115th Annual Conference - Honolulu, Hawaii
Friday, November 10 - Sunday, November 12, 2017

Performing Shame: The “Unmentionable Vice” in Late Middle English Penitential Manuals

Sunyoung Lee, Arizona State University

The confessant's shame remains performative in the late Middle English penitental manuals when the confessor needs to be ignorant of what constitutes "the unmentionable vice" or deviant sexual behavior. The confessor is advised to elicit a "faithful" confession about secret sexual sin by evoking shame, but the veracity of confessions cannot be confirmed.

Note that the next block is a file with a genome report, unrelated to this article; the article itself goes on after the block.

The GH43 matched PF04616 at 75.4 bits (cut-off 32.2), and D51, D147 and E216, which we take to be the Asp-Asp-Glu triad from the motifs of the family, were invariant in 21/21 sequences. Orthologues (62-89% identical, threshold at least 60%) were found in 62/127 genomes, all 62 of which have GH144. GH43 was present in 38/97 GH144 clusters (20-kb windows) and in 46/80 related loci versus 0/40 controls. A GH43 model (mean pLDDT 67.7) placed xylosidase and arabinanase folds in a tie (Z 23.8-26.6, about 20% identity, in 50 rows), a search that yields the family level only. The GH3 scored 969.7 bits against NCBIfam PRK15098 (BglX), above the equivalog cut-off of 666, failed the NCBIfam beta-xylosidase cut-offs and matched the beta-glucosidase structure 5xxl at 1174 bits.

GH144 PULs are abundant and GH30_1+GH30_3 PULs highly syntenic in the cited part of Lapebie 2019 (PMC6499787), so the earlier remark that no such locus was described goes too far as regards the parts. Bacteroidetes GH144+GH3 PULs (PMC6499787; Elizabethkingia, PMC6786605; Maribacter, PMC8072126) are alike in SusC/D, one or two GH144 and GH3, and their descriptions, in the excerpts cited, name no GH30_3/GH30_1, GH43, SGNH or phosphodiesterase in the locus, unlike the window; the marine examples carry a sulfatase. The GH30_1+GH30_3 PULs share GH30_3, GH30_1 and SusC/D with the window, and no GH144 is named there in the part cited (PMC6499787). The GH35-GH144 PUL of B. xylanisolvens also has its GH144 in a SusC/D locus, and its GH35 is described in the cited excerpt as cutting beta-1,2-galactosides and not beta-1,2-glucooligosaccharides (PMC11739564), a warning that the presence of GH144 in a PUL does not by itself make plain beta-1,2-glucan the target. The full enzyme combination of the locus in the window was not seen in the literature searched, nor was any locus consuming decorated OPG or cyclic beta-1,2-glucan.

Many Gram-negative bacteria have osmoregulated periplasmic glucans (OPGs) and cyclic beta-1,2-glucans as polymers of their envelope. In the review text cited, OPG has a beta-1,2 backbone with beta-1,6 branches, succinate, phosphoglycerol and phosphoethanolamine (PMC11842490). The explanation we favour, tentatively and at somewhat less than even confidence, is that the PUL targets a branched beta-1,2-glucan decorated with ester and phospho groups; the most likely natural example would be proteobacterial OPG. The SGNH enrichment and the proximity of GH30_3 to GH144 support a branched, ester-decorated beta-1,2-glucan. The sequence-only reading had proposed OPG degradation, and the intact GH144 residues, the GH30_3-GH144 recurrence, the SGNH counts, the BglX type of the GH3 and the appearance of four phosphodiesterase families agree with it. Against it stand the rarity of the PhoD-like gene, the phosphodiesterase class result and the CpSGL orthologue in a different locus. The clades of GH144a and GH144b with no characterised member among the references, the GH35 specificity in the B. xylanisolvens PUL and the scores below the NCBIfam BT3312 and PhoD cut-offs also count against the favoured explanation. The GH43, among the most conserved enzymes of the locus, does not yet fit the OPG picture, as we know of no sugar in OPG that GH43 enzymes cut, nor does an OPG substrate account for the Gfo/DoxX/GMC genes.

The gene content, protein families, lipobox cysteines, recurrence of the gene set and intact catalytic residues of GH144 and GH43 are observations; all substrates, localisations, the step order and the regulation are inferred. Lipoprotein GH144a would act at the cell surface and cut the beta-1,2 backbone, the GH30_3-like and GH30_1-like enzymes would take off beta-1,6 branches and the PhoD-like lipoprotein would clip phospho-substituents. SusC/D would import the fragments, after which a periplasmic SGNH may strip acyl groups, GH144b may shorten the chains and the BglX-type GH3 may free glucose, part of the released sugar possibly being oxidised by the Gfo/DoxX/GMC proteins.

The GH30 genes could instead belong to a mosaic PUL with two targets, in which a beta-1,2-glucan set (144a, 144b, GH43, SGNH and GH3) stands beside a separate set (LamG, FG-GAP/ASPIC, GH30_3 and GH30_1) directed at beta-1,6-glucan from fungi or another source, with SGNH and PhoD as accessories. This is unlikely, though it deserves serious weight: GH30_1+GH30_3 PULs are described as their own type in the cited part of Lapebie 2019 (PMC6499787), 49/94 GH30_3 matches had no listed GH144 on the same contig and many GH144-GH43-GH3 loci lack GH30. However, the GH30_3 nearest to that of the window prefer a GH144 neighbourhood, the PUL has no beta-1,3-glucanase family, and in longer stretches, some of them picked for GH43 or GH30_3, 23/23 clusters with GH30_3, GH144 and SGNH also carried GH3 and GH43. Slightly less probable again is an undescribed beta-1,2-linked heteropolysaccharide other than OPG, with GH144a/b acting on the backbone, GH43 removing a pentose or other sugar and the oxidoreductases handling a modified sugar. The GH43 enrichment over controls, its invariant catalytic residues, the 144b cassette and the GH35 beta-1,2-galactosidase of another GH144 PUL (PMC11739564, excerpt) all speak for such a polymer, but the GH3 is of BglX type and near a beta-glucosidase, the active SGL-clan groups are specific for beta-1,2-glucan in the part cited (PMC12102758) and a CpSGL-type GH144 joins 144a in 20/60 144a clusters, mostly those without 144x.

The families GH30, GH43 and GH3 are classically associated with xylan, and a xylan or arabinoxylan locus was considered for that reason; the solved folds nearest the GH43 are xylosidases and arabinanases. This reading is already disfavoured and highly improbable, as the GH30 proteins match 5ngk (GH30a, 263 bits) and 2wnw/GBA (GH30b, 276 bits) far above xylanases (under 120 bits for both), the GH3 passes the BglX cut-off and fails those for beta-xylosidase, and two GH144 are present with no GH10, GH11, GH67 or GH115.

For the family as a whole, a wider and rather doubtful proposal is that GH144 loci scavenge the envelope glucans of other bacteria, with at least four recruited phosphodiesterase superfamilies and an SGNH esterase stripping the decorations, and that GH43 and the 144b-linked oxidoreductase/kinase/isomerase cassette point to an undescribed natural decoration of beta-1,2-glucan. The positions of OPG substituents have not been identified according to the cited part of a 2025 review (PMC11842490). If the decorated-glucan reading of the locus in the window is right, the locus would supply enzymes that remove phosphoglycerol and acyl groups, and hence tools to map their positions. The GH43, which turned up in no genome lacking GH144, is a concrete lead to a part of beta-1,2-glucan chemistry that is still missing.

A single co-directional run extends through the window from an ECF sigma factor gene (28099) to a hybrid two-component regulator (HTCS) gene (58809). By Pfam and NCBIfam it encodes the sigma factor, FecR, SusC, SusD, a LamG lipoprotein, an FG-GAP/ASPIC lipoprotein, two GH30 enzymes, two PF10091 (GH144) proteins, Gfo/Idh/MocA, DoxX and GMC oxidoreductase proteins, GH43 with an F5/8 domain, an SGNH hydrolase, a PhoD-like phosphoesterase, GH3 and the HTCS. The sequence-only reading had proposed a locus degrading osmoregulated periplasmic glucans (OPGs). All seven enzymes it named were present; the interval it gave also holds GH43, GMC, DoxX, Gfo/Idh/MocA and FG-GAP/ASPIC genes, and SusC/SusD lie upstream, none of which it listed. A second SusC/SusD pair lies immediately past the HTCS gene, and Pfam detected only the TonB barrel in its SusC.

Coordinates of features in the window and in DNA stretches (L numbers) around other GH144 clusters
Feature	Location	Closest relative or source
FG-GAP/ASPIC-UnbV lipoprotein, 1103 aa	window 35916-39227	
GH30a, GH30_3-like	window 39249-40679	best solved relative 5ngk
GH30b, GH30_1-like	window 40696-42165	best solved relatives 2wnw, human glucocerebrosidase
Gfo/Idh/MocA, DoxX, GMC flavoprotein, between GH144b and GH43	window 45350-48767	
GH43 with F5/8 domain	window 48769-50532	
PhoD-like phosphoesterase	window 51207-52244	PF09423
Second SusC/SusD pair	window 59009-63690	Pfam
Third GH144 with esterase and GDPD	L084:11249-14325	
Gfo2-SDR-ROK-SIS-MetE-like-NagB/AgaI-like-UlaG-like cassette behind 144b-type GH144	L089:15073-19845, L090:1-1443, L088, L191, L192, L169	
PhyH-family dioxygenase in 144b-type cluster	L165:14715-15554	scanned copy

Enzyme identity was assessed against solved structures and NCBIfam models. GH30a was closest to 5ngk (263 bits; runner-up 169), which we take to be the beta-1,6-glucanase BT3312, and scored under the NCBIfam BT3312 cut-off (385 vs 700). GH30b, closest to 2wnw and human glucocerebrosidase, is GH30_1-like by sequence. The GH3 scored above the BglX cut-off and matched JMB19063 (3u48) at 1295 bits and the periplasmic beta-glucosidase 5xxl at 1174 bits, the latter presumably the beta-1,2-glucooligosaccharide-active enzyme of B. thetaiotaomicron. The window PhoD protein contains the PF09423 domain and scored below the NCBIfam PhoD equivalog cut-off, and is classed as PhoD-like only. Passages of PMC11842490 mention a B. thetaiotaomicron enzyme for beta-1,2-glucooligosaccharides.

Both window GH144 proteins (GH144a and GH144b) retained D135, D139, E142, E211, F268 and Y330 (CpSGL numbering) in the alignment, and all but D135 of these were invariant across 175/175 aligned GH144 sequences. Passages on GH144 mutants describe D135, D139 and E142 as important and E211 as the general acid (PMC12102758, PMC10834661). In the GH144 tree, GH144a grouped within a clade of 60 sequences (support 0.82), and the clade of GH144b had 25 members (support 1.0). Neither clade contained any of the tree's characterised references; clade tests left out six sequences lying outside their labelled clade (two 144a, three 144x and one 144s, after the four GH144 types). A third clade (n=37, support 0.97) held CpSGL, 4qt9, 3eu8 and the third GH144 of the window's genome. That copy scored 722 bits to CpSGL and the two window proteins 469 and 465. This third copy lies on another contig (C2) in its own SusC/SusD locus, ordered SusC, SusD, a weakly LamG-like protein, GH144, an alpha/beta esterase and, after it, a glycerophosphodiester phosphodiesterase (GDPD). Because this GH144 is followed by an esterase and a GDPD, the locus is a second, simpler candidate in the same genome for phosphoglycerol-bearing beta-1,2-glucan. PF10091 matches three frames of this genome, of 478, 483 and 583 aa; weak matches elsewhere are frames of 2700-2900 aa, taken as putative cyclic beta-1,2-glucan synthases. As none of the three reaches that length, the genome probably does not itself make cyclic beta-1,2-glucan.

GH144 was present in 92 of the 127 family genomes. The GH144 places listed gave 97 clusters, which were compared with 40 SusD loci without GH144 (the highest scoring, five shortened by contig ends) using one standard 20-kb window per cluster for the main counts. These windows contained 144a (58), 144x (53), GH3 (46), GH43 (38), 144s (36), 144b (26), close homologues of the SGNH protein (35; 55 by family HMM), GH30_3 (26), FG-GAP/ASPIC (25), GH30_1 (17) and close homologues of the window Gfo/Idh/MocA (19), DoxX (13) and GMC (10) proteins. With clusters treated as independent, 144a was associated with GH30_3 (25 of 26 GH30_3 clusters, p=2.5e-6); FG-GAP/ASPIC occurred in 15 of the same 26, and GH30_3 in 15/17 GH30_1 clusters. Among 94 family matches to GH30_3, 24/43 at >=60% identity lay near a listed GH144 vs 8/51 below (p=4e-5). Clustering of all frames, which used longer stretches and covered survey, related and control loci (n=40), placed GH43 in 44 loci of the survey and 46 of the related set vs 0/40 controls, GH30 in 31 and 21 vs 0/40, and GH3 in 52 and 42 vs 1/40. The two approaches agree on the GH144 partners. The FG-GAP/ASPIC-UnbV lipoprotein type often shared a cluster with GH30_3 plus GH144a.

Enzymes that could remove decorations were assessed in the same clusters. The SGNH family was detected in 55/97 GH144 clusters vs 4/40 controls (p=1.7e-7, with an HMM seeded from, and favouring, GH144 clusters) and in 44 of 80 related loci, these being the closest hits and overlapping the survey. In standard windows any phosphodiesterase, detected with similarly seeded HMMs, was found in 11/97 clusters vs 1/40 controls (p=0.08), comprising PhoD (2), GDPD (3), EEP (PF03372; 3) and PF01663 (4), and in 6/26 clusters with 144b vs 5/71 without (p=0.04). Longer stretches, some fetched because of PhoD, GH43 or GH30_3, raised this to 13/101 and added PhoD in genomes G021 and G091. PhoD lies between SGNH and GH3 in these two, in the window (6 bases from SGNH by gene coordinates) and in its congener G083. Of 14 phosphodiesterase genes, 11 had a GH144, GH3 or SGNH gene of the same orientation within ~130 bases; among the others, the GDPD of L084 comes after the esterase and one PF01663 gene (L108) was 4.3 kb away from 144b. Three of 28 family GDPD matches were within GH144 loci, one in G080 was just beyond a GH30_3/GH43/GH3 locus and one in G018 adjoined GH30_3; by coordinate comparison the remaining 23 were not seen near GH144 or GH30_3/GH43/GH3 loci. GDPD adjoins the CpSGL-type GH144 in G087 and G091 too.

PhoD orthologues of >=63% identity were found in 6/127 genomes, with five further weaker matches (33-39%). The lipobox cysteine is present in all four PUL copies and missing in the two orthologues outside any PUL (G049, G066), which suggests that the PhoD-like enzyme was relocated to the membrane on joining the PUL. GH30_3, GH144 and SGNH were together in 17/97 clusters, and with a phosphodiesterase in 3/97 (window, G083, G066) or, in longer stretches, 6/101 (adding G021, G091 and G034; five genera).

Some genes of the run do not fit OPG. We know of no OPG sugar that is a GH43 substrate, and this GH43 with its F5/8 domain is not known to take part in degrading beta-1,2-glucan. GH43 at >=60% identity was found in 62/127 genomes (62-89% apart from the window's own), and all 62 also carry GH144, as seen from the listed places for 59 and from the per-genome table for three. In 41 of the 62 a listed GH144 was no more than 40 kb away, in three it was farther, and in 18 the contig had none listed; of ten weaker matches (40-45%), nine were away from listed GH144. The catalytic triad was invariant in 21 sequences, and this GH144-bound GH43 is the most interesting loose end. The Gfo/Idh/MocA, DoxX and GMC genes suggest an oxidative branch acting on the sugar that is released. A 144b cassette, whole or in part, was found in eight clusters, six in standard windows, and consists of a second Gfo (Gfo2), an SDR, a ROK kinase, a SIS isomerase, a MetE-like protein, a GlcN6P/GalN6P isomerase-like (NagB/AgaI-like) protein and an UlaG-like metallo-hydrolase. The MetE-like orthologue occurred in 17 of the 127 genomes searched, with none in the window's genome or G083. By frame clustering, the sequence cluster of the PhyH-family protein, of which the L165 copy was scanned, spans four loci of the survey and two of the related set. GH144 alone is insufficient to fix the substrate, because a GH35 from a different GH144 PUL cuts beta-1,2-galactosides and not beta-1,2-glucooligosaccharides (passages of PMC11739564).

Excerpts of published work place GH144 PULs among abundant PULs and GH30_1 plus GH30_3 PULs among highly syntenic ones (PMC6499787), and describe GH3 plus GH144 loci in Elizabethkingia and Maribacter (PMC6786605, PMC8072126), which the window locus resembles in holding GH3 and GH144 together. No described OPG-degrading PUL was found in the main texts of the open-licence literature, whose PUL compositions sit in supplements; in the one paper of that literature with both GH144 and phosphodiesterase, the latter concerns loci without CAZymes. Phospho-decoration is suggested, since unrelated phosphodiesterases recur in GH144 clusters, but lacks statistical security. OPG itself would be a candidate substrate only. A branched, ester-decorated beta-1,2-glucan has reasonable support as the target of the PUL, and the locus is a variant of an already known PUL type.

In the History of Sexuality, volume 1, Foucault claims that the development of confessional inquiries and the production of pastoral manuals after the Fourth Lateran Council of 1215 allowed the church to exert the most control over the discourse on sex and sexuality. The sacramental confession requires the confessant to participate in the multiplication of discourses on sex to be judged, punished, and forgiven by the confessor. Interestingly, in such uneven relationships between confessors and confessants, the veracity of individual tales cannot be fully confirmed by the confessor who is not supposed to know and obliged to conceal the confessant’s secrets. From such secrecy, the confessant is able to gain certain pleasure of accessing and disclosing the truth. This paper will explore further the dynamic relationship between the confessor and the confessant by focusing on the function of shame in the discussion of the “unmentionable vice” in penitential manuals for confession in late medieval England, in particular various versions of Middle English translation of Somme le Roi which reformulated the original French text and Latin manuals for lay communities. In the medieval confession, along with “sodomy” and the “sin against nature” “unmentionable vice” was one of topoi which the medieval theologians used to characterize sexual deviance including homosexual behavior. Among sexual sins, it was emphasized that this vice can never be known or discussed by the confessor; but only the confessant has to reveal it. This distinctive characteristic of the vice had often been associated with shame that misbehavior arouses. In order to urge confessants to speak “faithfully” about their sexual experiences to the confessor and to eliminate the pleasure of speaking secrets, “shame” needs to permeate a confidential space. In this context, shame functions differently in different penitential manuals. This paper will show that shame remains performative, and ultimately unknown to the confessor in the discussion of the “unmentionable vice.” The confessor’s attempt to evoke shame about the “unmentionable vice” or deviant sexual behavior in the confessant is doomed to failure. Even though the confessor is advised to induce the confessant to confess faithfully, in actuality the confessant’s voluntary confession either by virtue of his or her “natural” capacity for feeling shame or by the power of Nature’s instruction on shamefulness of sin is necessary when the confessor needs to remain ignorant of what specifically constitutes the sin. By promoting the confessant’s capacity for contrition or establishing Nature’s authority the confessor can be relieved of the burden of interrogating and even stimulating sinful behavior. Confessants are allowed to exercise their discretion in disclosing their secrets by performing shame or when the suspicion of the individual’s discretion arises, the individual’s sense of shame is displaced by Nature’s power to expose the shameless performance. In either case, the confessant’s shame becomes performative in this ritual confession. When the confessant is urged to speak about their shame in the confession, the effect of shaming is not discernible to the confessor.